The opinion of the court was delivered by: Kram, District Judge.
MEMORANDUM OPINION AND ORDER
Plaintiff bases her complaint on Merrill Lynch's alleged
promotion of thirteen less-qualified but younger individuals
over a six-year period from March 1981 through April 1987. The
parties do not dispute the dates and occurrences of the
thirteen promotions; accordingly, the facts and circumstances
of these promotions will not be set forth here except as
necessary to the discussion of the instant motions.
Motion to Dismiss 3rd Claim for Lack of Subject Matter
Defendant moves to dismiss plaintiff's New York Executive Law
claim on the basis that the election of remedies doctrine
contained in Section 297(9) of New York Executive Law has been
interpreted to bar state claims if plaintiff has filed her
claim with the New York State Division of Human Rights
("SDHR"). Scott v. Carter-Wallace, Inc., 147 A.D.2d 33, 541
N.Y.S.2d 780 (1st Dept), app. dismissed, 75 N.Y.2d 764, 551
N.Y.S.2d 903, 551 N.E.2d 104 (1989). In the instant case,
plaintiff filed a charge of age discrimination with the federal
Equal Employment Opportunity Commission (hereinafter "EEOC"),
as required of her under the ADEA. In accordance with EEOC
regulations, see 29 C.F.R. § 1601.13, and a work-sharing
agreement between the EEOC and the SDHR, the EEOC cross-filed
plaintiff's charge with the SDHR but retained jurisdiction over
the charge to conduct an investigation on the merits. Because
the EEOC did not act within 60 days on her charge, Samuel
withdrew her charge from the EEOC, as was her right, and filed
the instant action in federal court. The SDHR subsequently
dismissed her claim, at her request, on the ground of
"administrative convenience." Merrill Lynch challenged that
order as unauthorized and violative of the election of remedies
provisions of Executive Law § 297(9), but was denied relief.
See Merrill Lynch Pierce Fenner & Smith, Inc. v. New York State
Division of Human Rights and Janet A. Samuel, Index No.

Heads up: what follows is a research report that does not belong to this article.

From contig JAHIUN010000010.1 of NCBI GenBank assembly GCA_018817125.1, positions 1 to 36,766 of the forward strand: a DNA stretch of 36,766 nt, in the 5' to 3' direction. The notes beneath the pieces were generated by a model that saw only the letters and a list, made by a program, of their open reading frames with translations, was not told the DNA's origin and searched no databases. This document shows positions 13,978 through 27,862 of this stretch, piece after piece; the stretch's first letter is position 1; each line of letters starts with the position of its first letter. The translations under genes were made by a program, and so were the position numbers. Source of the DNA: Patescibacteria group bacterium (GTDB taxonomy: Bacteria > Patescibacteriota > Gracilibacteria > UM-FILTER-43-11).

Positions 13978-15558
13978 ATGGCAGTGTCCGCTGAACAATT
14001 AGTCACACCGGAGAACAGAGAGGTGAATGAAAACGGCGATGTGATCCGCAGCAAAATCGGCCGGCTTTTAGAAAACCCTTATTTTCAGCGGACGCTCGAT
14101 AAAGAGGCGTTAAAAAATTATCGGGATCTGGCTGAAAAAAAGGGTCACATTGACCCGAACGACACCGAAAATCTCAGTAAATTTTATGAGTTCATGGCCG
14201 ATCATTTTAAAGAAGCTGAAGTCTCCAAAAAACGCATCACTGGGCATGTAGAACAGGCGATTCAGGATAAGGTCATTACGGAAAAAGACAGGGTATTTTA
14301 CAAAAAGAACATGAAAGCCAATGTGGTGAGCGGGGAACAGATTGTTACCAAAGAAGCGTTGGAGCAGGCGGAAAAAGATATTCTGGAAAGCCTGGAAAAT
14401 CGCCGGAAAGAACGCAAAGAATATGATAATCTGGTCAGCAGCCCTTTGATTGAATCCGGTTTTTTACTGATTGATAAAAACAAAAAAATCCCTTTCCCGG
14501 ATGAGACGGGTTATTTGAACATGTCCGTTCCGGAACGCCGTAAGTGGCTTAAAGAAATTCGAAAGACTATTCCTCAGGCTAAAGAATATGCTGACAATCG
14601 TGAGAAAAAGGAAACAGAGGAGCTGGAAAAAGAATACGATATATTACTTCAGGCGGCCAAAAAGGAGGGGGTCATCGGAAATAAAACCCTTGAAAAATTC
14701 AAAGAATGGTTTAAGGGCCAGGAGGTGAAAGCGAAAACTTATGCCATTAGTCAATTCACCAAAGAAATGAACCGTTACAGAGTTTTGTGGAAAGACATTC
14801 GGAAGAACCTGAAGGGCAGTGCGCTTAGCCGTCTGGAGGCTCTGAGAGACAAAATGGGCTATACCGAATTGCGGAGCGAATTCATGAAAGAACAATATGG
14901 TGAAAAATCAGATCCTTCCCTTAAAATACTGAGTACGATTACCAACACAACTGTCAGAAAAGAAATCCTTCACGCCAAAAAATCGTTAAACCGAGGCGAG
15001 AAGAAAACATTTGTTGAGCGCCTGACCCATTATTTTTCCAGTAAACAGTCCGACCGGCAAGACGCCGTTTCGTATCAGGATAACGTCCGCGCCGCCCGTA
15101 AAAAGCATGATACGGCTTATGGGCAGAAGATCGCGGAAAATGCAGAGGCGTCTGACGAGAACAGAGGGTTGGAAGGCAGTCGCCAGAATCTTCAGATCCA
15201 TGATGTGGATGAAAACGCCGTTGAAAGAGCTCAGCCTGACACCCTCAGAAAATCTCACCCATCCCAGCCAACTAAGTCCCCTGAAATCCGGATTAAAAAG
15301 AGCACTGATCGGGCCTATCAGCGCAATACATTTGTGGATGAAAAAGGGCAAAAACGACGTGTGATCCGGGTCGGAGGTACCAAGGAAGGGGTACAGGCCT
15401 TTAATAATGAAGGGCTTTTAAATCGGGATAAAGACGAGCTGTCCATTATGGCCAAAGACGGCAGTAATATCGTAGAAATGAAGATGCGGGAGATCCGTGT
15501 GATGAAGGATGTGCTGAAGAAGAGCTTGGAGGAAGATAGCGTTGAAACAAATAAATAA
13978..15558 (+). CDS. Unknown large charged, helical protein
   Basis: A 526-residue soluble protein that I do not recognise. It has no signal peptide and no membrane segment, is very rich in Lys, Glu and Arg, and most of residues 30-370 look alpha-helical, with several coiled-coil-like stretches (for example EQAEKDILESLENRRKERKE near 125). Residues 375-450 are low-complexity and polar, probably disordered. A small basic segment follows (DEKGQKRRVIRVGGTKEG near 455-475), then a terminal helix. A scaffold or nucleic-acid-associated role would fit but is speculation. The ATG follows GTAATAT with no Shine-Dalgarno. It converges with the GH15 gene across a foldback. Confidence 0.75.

25436/89 (Sup.N.Y.Co. June 22, 1990)). Because plaintiff no
longer has a claim before the SDHR, the election of remedies
doctrine contained in Section 297(9) of New York Executive Law
does not bar her state claim, and the Court accordingly denies
defendant's motion to dismiss the Third Claim.
Promotions which Plaintiff No Longer Disputes
The Court grants, as unopposed and for good cause shown, the
motion to dismiss those aspects of plaintiff's claims relating
to the promotions of Janette Samai in 1981; Katie Williams and
Sephton Fraser in 1983; John Killeen in 1985; Debora Coe and
Tania Schlesinger in 1986; and John Randolph, sometime during
the period from 1984 through 1986.
Statute of Limitations: ADEA Claims
Promotions which occurred more than 300 days before plaintiff
filed her administrative charge with the EEOC will ordinarily
be time barred under the ADEA, 29 U.S.C. § 626(d)(2), 633(b);
Miller v. International Tel. & Tel., 755 F.2d 20, 23 (2d Cir.
1985). This plaintiff filed her EEOC complaint on June 16,
1987. Accordingly, any claim based on a discriminatory denial
of a promotion which occurred prior to August 20, 1986, will be
time-barred under the ADEA, unless tolled.
Four of the six remaining alleged incidents of
discrimination, the promotions of Howard, Paramo, Loughran, and
Ferraro, occurred prior to August 20, 1986. However, plaintiff
urges that defendant's course of conduct constitutes a
"continuing violation," and thus that the filing of a complaint
within 300 days after the last instance of such practice
renders timely each of the charges based upon that practice.
Plaintiff's Memorandum in Opposition
to Motion for Summary Judgment, at 11 (citing Kohn v. Royall,
Koegel & Wells, 59 F.R.D. 515 (S.D.N.Y. 1973), appeal
dismissed, 496 F.2d 1094 (2d Cir. 1974); EEOC v. Home Insurance
Co., 553 F. Supp. 704, 711-13 (S.D.N.Y. 1982)). Defendant argues
that the alleged failures to promote were discrete, isolated
incidents and therefore, there is no toll for the four failures
to promote that occurred prior to August 20, 1986.
The Court agrees with defendant that these incidents do not
constitute a "continuing violation." Only "compelling
circumstances" will warrant application of the continuing
violation exception. Blesedell v. Mobil Oil Co., 708 F. Supp. 1408,
1415 (S.D.N.Y. 1989) (quoting LaBeach v. Nestle Co.,
658 F. Supp. 676, 687 (S.D.N.Y. 1987)). As decided by several
district courts in this Circuit, a number of incidents of
failure to promote cannot, as a matter of law, constitute a
"series of related acts." Id. (citing Wingfield v. United
Technologies Corp., 678 F. Supp. 973, 979-820 (D.Conn. 1988)).
In this case, the desired positions themselves, although all
falling under the general category of "supervisory," were
located in different units of the operations area; the
promotion decisions were made by two different individuals: and
the decisions of whom to promote were based on different
criteria, depending on the area involved. Plaintiff 3(g)
Statement, ¶¶ 5, 7, 8, 9, 13; Defendant 3(g) ¶¶ 23, 26, 31, 39,
42, 49. Moreover, plaintiff does not claim that Merrill Lynch
maintains a discriminatory promotion policy or system. To the
contrary, she argues that in not promoting her, Merrill ...